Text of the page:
Army says "No Thanks" to Tanks, Congress Insists

It's like trying to turn down food at your grandmother's house, it seems.

Senior Army officials have repeatedly turned down more M1A2 Abrams main battle tanks, but there is a bipartisan push to spend $436 million on tanks the Army said it doesn't need or want.

The reason, of course, is politics.

The assembly plant for the M1 Abrams tank is located in the town of Lima, in the politically important state of Ohio. The plant employs about 700 people, and is the fifth-largest employer in Lima. Over 500 smaller manufacturers scattered across the country (employing around 18,000 people) also manufacture critical sub-assemblies and other components used in the final assembly of the Abrams. Because of the large number of jobs, these extra tanks have broad bipartisan support. This was apparent when 173 House Democrats and Republicans sent a letter to former Defense Secretary Leon Panetta in 2012 complaining about the potential reduction of tank production.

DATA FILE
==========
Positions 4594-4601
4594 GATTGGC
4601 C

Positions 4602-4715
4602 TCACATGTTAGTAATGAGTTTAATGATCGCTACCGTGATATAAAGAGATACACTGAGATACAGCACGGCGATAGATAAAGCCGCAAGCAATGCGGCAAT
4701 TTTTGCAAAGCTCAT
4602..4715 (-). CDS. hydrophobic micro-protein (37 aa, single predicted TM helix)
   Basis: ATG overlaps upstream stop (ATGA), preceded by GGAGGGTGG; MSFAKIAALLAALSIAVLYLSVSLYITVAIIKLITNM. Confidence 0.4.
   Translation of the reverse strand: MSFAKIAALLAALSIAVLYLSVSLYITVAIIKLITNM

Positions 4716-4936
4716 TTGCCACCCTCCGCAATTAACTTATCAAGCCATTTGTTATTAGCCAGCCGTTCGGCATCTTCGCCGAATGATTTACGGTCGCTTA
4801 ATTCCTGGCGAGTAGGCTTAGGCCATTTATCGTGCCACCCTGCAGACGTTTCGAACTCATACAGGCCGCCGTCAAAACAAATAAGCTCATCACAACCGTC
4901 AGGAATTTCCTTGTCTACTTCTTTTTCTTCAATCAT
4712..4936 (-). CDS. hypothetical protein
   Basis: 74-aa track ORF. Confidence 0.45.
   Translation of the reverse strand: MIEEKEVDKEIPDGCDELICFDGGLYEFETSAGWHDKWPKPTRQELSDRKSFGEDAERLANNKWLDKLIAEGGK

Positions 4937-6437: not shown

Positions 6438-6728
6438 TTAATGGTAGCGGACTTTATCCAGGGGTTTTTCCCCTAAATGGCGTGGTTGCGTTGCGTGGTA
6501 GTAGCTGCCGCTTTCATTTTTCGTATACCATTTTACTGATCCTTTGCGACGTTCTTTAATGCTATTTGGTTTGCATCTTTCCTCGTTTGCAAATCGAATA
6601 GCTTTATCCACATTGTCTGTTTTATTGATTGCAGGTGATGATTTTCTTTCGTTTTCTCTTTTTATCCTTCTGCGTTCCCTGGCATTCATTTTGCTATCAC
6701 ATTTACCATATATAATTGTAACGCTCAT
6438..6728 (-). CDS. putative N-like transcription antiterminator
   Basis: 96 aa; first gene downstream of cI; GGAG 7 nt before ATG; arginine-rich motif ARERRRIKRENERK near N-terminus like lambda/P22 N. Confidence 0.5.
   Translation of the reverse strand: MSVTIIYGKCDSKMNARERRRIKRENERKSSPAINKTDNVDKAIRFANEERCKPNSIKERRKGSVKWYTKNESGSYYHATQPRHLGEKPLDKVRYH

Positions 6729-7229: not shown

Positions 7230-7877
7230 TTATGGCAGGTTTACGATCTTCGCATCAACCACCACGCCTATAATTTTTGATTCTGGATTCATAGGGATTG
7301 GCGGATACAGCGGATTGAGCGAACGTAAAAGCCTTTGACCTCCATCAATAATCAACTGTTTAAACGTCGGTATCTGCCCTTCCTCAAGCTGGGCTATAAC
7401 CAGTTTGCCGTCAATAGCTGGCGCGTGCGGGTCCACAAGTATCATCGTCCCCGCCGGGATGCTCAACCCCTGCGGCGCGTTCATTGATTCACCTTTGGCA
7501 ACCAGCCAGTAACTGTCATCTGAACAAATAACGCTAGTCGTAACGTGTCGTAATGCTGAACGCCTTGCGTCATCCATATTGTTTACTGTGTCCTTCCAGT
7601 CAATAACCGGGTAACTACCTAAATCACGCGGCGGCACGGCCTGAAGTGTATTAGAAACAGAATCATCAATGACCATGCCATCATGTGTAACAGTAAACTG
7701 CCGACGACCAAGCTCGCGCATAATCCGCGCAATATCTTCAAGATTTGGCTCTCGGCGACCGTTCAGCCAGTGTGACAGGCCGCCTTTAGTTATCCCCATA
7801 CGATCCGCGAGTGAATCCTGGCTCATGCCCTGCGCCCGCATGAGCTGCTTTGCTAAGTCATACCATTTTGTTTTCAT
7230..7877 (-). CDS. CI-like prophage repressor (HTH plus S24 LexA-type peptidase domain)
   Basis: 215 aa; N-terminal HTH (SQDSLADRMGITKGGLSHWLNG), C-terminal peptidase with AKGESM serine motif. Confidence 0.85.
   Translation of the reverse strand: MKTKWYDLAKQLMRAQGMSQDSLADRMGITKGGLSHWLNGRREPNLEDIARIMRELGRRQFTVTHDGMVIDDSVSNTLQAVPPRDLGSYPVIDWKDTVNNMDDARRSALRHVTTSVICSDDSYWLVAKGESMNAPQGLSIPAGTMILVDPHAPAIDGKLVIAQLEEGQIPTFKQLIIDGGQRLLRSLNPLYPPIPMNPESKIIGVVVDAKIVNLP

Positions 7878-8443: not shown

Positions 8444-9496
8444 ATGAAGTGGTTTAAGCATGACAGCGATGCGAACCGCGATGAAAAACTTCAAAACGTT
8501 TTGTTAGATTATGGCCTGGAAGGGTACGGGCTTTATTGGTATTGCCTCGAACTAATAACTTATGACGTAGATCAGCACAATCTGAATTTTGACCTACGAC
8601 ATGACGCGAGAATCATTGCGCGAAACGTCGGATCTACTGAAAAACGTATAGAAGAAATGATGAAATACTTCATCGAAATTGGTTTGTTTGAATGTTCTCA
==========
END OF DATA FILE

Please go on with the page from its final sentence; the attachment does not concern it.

This leads to a seeming conflict of interest, where Congressional representatives who push for across-the-board budget cuts for both the government and military push for spending millions in unwanted equipment to protect jobs in their districts. Advocates of the tanks say that the tanks are still needed, and closing the plant will cost more in lost jobs and additional costs to reopen the plant in 2017, when the Army says it wants to resume buying tanks.

In addition to manufacturing Abrams tanks for the US military, the Lima plant is also currently manufacturing tanks for export to other countries. Currently the US Army receives about 4 tanks a month, Saudi Arabia receives 5 tanks a month, and Egypt also receives 4 tanks a month.

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